ARLINGTON — Mary had a little lamb.
And she wanted to know how to feed it so it would gain weight, but not get too fat for the fair ring.
For that, and other questions from young exhibitors about how to choose, feed and show a market lamb, Mark Johnson was there to help.
Saturday’s 11th Annual Arlington Sheep Day at the Arlington Agricultural Research Station included educational seminars for sheep aficionados of all ages.
Mary Zwalt, of Beaver Dam, is 10. She’s been in the show ring with a lamb before, at the Dodge County Fair. That’s why, as she stood in the Arlington station’s sheep barn with about 30 other young exhibitors, she knew one answer to an important question: When you’re buying your lamb, what do you need to ask the breeder?
Mary raised her hand and said, “Has the lamb been dewormed?”
Johnson, of Sandwich, Illinois, is co-owner of A&M Ranch, where he raises registered Southdown sheep. And yes, he said, deworming is one question to ask a lamb breeder.
While some young exhibitors pick a lamb from one of the ewes on their farm, Johnson said many have to go to a breeder to find a show-worthy lamb. And how do you find a good breeder?
“Word of mouth,” said Jillian Bingen, 19, of Allenton.
Bingen could have taught the seminar alongside Johnson, because she’s been in the sheep show ring literally from infancy, she said.
“I was born in May,” she said, “and I was 2 months old when my dad held me in the show ring.”
Johnson said Bingen’s suggestion about finding a good sheep breeder by word of mouth is a good one. And he suggested a specific person to ask—the University of Wisconsin-Extension agriculture agent in your home county.
“They’re not going to send you to somebody who doesn’t stand behind their sheep,” Johnson said. “Good news travels fast, but bad news travels faster.”
Youth exhibitors can expect to a fairly good-size chunk of change for a good lamb — between $400 and $800.
When buying a lamb, Johnson advised, think first about the goals for the lamb. If an exhibitor is aiming at raising a lamb that will bring a good price at auction, they’ll want to look for a lamb whose weight is likely to be within the minimum-maximum range for the particular show where they’re exhibiting the animal, at the time of the show. If they’re aiming for a grand or reserve champion trophy, it’s important to look at how the lamb moves around the show ring.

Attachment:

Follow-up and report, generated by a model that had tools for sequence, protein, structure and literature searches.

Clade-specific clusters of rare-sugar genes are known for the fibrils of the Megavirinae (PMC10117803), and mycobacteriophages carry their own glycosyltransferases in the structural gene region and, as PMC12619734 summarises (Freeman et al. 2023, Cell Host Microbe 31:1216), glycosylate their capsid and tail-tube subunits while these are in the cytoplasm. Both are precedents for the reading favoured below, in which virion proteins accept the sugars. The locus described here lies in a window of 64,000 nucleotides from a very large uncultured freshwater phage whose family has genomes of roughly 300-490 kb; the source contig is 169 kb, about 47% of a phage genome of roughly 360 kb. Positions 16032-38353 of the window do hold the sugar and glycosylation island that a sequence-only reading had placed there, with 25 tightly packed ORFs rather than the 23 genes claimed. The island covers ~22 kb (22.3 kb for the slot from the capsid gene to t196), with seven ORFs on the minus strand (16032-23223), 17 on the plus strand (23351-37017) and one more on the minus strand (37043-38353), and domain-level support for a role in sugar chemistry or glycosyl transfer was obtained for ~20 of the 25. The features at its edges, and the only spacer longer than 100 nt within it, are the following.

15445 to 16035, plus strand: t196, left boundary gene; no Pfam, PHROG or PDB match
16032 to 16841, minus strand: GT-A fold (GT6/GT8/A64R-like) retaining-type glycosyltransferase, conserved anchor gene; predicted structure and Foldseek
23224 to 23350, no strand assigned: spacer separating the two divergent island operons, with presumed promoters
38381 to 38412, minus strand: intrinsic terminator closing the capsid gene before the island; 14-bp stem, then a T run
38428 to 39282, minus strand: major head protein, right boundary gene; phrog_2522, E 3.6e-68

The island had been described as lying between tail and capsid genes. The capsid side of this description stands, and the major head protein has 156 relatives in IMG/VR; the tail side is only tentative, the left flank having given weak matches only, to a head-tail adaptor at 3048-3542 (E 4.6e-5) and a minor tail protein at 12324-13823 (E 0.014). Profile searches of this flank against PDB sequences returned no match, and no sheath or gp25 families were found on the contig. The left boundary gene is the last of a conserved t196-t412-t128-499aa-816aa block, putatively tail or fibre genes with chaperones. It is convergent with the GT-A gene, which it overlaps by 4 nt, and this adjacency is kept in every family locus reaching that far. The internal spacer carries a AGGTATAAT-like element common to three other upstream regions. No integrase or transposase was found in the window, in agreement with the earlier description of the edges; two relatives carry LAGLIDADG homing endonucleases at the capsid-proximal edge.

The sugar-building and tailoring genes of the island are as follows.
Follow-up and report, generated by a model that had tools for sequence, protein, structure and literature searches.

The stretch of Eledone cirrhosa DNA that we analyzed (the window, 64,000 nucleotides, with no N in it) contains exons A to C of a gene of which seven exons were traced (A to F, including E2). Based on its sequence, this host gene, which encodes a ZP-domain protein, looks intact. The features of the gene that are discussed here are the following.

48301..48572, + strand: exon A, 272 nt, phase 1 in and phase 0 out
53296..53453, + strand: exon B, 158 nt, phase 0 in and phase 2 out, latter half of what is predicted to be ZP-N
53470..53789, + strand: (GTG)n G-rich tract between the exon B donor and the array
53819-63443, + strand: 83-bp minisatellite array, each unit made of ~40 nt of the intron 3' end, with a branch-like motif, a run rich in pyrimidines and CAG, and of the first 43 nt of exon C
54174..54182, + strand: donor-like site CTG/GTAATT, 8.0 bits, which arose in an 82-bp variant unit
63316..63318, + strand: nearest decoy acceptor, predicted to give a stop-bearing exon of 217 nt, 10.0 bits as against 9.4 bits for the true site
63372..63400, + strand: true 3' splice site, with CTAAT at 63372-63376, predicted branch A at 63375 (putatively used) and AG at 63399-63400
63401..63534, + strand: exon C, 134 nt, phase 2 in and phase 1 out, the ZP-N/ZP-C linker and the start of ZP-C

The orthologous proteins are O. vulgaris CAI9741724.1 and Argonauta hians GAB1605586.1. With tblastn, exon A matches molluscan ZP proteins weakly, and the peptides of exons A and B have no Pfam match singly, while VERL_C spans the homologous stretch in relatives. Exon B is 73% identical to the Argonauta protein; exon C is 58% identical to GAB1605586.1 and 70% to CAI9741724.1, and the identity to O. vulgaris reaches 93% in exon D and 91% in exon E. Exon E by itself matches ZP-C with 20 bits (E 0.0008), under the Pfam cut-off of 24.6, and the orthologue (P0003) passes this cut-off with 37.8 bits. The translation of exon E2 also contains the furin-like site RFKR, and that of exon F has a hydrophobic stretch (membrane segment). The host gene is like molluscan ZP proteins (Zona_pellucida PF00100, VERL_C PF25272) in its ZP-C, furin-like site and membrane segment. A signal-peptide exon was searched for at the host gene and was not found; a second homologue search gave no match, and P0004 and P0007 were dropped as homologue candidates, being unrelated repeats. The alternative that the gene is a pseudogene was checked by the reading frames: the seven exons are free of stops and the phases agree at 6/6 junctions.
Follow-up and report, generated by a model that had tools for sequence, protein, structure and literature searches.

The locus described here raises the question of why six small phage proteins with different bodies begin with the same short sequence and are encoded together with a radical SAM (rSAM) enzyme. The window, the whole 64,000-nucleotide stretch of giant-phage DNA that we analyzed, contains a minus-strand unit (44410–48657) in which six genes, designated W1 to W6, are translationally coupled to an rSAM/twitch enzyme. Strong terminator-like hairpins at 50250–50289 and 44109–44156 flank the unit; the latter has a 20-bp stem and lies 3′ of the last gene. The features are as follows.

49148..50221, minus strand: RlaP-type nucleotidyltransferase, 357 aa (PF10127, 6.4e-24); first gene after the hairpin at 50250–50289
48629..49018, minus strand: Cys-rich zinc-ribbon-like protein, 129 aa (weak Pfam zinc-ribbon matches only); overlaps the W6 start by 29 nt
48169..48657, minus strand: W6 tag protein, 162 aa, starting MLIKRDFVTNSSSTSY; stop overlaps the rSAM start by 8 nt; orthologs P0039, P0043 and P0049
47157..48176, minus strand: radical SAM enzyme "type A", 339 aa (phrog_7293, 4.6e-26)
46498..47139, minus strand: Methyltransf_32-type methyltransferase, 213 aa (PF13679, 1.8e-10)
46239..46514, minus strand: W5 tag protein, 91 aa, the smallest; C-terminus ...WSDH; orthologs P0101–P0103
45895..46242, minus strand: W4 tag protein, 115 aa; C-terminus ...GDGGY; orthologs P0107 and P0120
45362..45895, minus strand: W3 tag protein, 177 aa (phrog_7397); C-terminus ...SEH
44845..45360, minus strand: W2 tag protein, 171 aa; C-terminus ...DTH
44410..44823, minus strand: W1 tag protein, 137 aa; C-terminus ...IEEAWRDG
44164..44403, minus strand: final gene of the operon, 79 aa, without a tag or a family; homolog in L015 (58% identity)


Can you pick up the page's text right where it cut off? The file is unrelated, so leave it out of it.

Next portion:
One important question, according to Johnson, concerns what kinds of foods the animal is accustomed to eating.
If the exhibitor plans to feed the lamb something different, the lamb will be confused and probably won’t eat it.
“The lamb will look at the food and think, ‘I don’t know whether to eat this or (urinate) on it,’ ” Johnson said. That’s why it’s a good idea to introduce a lamb to a new food gradually – and to weigh each portion carefully, and to feed the animal at the same times every day.
And, Johnson said, there’s one universal truth for livestock shows in general and market lamb shows in particular.
“It’s a beauty contest,” he said.
That’s why the animal has to have the right amount of muscle, meat and fat in the right places, the right body proportions. To help demonstrate that, Johnson invited the young exhibitors to feel different parts of their hands, to get an idea of what different parts of a sheep’s body should feel like to livestock judges.
He also invited them to feel the sides, neck and back of a 1½ -year-old Southdown ewe.
The same ewe cooperated with Justin Taylor of Arlington as he demonstrated how to put on a rope halter, so that the lead is on the animal’s left side.
Bingen offered snippets of stories about stubborn sheep that didn’t lead as well as she’d liked, such as the one that insisted on walking sideways.
Generally speaking, Johnson said, a lamb at the breeder with bad walking habits won’t get better once an exhibitor buys it and takes it home. But Bingen said that hasn’t necessarily been her experience.
“You’ve just got to keep working with the lamb,” she said. “Eventually, it gets better.”